After a few false starts we found ourselves at the Hugo Boss store in the large “mall” in the center of town. I found a pair of jeans that I liked (they look nothing like any of the Wranglers I ever bought), but none of the shirts I tried on worked at all for me. The shop lady (in her 20′s?) brought over a beautiful linen shirt and said “Try this.” I said “No thank you.” You see, that shirt was pink. Not a subdued Miami Vice pink, but a fairly hot take-no-prisoners pink. I mean, the material was butter soft, obviously well made, but pink?

“I’m, um, 55 years old,” I reminded the shop gal. “You have to try on that shirt,” she said. “Oh go on and stop being a fuddy duddy” said Lisa. So I went in the dressing room. When I came out, the shop girl and Lisa both said that it was exactly the right shirt for me. But seriously – was I going to trust my wife and a woman who stood to make a healthy commission on the sale?

Luckily for me, there was a new judge in town. While I was in the dressing room (I guess), a couple had come in. He was trying on clothes, she was sitting in a chair immediately next to the dressing room providing advice and guidance. Both of them I would have said were in their mid-70′s, and looked, well, awesome. As if life had been not only good to them, but good to them in such a way that they never took it for granted. They certainly had money (they were shopping at the Hugo Boss store in Monte Carlo) but they carried it the way the best wealthy people do – in their inside pocket.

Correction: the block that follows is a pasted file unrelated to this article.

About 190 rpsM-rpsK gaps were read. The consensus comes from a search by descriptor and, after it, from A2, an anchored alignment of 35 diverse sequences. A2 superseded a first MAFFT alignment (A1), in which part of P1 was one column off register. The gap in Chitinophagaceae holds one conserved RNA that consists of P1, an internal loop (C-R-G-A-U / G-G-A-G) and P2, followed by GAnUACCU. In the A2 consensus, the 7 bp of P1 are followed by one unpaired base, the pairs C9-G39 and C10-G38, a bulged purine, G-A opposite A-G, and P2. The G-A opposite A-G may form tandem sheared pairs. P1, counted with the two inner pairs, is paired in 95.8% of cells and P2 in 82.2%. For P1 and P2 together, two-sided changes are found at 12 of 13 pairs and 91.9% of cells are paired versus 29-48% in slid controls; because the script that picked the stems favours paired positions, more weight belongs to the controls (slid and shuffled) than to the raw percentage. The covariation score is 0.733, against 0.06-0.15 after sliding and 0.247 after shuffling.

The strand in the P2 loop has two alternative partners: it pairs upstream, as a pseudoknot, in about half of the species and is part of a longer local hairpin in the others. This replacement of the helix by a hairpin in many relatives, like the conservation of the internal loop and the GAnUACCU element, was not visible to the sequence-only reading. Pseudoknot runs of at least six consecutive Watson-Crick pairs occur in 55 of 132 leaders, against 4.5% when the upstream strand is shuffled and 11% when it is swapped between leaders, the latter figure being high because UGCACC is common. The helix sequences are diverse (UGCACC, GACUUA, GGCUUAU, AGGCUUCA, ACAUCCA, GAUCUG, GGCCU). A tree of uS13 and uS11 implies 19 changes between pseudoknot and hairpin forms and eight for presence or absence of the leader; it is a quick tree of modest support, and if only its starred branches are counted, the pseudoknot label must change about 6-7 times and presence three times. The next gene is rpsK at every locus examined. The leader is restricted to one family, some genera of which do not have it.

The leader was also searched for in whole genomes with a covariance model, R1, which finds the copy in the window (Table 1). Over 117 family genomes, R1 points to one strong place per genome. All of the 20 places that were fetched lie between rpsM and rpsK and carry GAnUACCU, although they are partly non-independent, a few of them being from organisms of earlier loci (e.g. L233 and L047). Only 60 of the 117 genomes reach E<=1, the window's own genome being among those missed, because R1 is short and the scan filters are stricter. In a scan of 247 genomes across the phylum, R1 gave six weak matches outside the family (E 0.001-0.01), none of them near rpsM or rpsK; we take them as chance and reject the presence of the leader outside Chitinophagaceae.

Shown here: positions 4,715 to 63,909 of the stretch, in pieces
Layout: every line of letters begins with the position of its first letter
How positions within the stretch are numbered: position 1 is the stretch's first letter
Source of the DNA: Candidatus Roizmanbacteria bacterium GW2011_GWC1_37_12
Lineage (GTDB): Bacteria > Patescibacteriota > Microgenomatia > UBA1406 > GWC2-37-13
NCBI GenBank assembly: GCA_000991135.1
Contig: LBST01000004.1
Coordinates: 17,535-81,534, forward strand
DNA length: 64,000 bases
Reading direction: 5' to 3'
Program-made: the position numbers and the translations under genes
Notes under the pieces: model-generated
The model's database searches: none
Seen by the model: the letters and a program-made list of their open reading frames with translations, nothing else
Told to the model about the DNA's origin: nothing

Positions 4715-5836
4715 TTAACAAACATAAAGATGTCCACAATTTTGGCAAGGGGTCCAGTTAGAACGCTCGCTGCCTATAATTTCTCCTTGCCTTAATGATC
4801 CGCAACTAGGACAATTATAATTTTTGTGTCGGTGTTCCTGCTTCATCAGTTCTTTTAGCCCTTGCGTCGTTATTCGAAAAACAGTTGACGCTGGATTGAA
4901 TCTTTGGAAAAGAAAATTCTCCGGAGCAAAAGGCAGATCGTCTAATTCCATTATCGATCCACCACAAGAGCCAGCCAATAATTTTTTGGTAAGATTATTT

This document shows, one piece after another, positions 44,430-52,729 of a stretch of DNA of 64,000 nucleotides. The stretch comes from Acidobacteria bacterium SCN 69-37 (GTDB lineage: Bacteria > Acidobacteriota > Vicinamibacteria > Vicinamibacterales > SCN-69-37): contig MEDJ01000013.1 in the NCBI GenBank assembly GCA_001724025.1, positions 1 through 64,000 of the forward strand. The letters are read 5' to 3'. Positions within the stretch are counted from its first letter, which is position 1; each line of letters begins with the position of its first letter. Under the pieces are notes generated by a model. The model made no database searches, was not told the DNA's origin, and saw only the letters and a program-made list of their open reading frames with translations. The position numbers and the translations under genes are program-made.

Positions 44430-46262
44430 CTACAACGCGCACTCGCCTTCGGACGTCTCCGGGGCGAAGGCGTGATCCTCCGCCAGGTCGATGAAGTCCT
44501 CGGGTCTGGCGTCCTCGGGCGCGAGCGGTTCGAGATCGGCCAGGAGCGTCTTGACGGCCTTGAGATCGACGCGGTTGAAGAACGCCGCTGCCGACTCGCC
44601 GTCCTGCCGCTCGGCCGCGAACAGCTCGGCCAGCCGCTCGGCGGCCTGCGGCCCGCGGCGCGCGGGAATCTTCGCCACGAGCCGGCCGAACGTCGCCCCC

Of course, after Lisa and the shop lady had proffered their opinions, I wanted a different perspective. I turned to the woman in the chair, and said “Et vous, madame?” She turned to look up and I was mesmerized by her crystal blue eyes twinkling back at me – she must have been a stunner in her youth and she was still beautiful. She took  a moment to review the shirt, smiled at me and said,

“J’adore ça.”

Verily, I was never leaving the shop without that shirt. We chatted for a bit, me in my poor French and her extremely gracious about tolerating it. She said that she and her husband were both 80 and he had a shirt that color, so why shouldn’t I?